Daniel Johnston 







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Aug 2017

Erika Pinktipps
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Polka Dot Rag
The What Of Whom

The Beatles

Lost And Found

Speeding Motorcycle
Live with Smutfish in The Netherlands

Honey I Sure Miss You
Artistic Vice
Dead Dog Laughing In The Cloud
Continued Story

Daniel Johnston backstage in Boston 2009-10-15

Sept 4
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Associated Press November 1, 2004

AP Associated Press

November 1, 2004


Daniel Johnston, the musician's musician, returns from the dead


Associated Press Writer

�   NEW YORK (AP) _ When Nirvana performed "Lithium" at the 1992 MTV Music Video Awards, Kurt Cobain wore a curious T-shirt with a frog logo and the question, "Hi, how are you?" _ a shirt designed by who Cobain frequently declared his all-time favorite songwriter, Daniel Johnston.

�   Today, Johnston remains not only an influence musicians wear on their sleeve, but a kind of godfather of low-fi pop. A new album features covers of Johnston's music, with contributions from Beck, Tom Waits, the Flaming Lips and many more, which, in a unique arrangement, is accompanied by a second disc of the original recordings.

�   It is titled "The Late, Great Daniel Johnston," and features his tombstone on the cover. Of course, the man in a suit looking down at the grave is Johnston, who is alive and well. But the album seeks a little pre-posthumous recognition for the singer.

�   When reached by phone from his home in Texas, Johnson answers, "I'm dead, you've called heaven."

�   Johnston recorded most of his best known songs on a cheap $60 boom box in the eighties and early nineties while living in Austin, Texas. The bare bones sound, compulsively recorded out of a genuine passion for music, makes Johnston something like the indie rock equivalent of blues great Robert Johnson.

�   While his songs remain largely unfamiliar to music fans, they are famous among musicians _ who view Johnston as a "songwriter's songwriter."

�   The lead singer of the Eels, E, says in the liner notes of the disc, "Any one of us would sell our mothers to write a song as good as one of Daniel's." Even among critical favorites like Bright Eyes and Vic Chesnutt, he is far from alone in that sentiment.

�   Johnston sings in a high, scraggly, childlike voice over crude piano or guitar that often doesn't adhere to strict rules of tempo or rhythm. The music is very raw and without the high production gloss that can aid listeners. But this intimate recording works with the devastating honesty of Johnston's lyrics and it has always been part of his allure.

�   "I think it's more intriguing coming from that Special Olympics hi-fi recording," says Mark Linkous of Sparklehorse, who both appears on the album and co-produced it. "There's something about Daniel's songs coming out of his body that's just a miracle."

�   Jordan Trachtenberg, the head of Gammon Records and the other producer, had the idea of the cover record while making a new CD with Johnston. It arose as both a way of spreading Johnston's music and as a fund-raiser for him.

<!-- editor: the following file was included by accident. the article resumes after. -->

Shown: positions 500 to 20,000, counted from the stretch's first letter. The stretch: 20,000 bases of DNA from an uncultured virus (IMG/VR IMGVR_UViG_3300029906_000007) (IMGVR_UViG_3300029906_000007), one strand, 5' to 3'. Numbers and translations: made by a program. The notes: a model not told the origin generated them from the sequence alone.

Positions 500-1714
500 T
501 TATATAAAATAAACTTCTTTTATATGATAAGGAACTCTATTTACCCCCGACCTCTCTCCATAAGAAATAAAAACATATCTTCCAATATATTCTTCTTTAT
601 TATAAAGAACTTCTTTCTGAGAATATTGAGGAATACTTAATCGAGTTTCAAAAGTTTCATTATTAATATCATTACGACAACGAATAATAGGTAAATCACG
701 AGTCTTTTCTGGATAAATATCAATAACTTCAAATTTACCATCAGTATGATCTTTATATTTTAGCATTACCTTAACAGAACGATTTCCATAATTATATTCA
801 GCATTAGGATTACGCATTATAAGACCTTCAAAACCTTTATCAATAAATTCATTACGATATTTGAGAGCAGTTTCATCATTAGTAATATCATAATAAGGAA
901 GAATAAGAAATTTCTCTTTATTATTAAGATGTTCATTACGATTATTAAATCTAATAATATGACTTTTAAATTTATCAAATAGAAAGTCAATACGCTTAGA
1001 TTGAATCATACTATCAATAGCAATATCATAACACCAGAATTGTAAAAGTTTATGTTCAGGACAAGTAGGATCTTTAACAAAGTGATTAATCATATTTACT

�   Johnston, 42, now lives in a small Texas town with his parents. He has suffered from a bipolar disorder most of his life, but antidepressants have helped him become more stabilized. His past is filled with time spent in and out of mental hospitals as well as several dangerous episodes.

�   That combination of songwriting talent and mental health problems leads Trachtenberg to the comparison, "he's the Brian Wilson of my generation. He doesn't have the mechanism to hide things that you and I do."

�   Johnston has had brushes with fame before. In 1985, he was featured in an MTV show about the Austin scene and then was signed to Atlantic Records.

�   "It was like being on `Bonanza,'" Johnston remembers. "I was just like a star and I couldn't get away."

�   At the time, Johnston was clearly not ready for the mainstream. The sessions with Atlantic were marred by bouts of depression, resulting in the ironically titled "Fun," released in 1994.

�   He has put out of a dozen albums and at least as many cassette tapes over the years, but commercial success has still eluded Johnston. With a goal of building a house for Johnston next to his parents, Trachtenberg hopes the impressive roster of musicians on the album will draw new fans to him.

�   "It's a cheap trick. It's a big piece of bait on a very sharp hook."

�   As good as the covers are, that hook, the original songs by Johnston, is the real attraction here. His tunes of unrequited love, loneliness and abiding hope are remarkably powerful, and continue to leave musicians slack-jawed in awe.

�   "It's just not as easy as Daniel makes it sound to write a song," says Tunde Adebimpe of TV on the Radio. "You just know he was made to write songs."

�   Johnston plans to keep busy churning those tunes out. He also continues to draw cartoons (like the one Cobain wore) and has even had his work shown in galleries in Los Angeles and in Europe.

�   "I just want to keep on making music and keep making cartoons," he says with simpicity.

�   Still Johnston does have one regret. As a tremendous Beatles fan, he wishes one more artist could have contributed a cover: Paul McCartney.

�   "Man, he wouldn't do one of my songs!"   

�   ___

�   On the Net:

�   http://www.hihowareyou.com

�   http://www.gammonrecords.com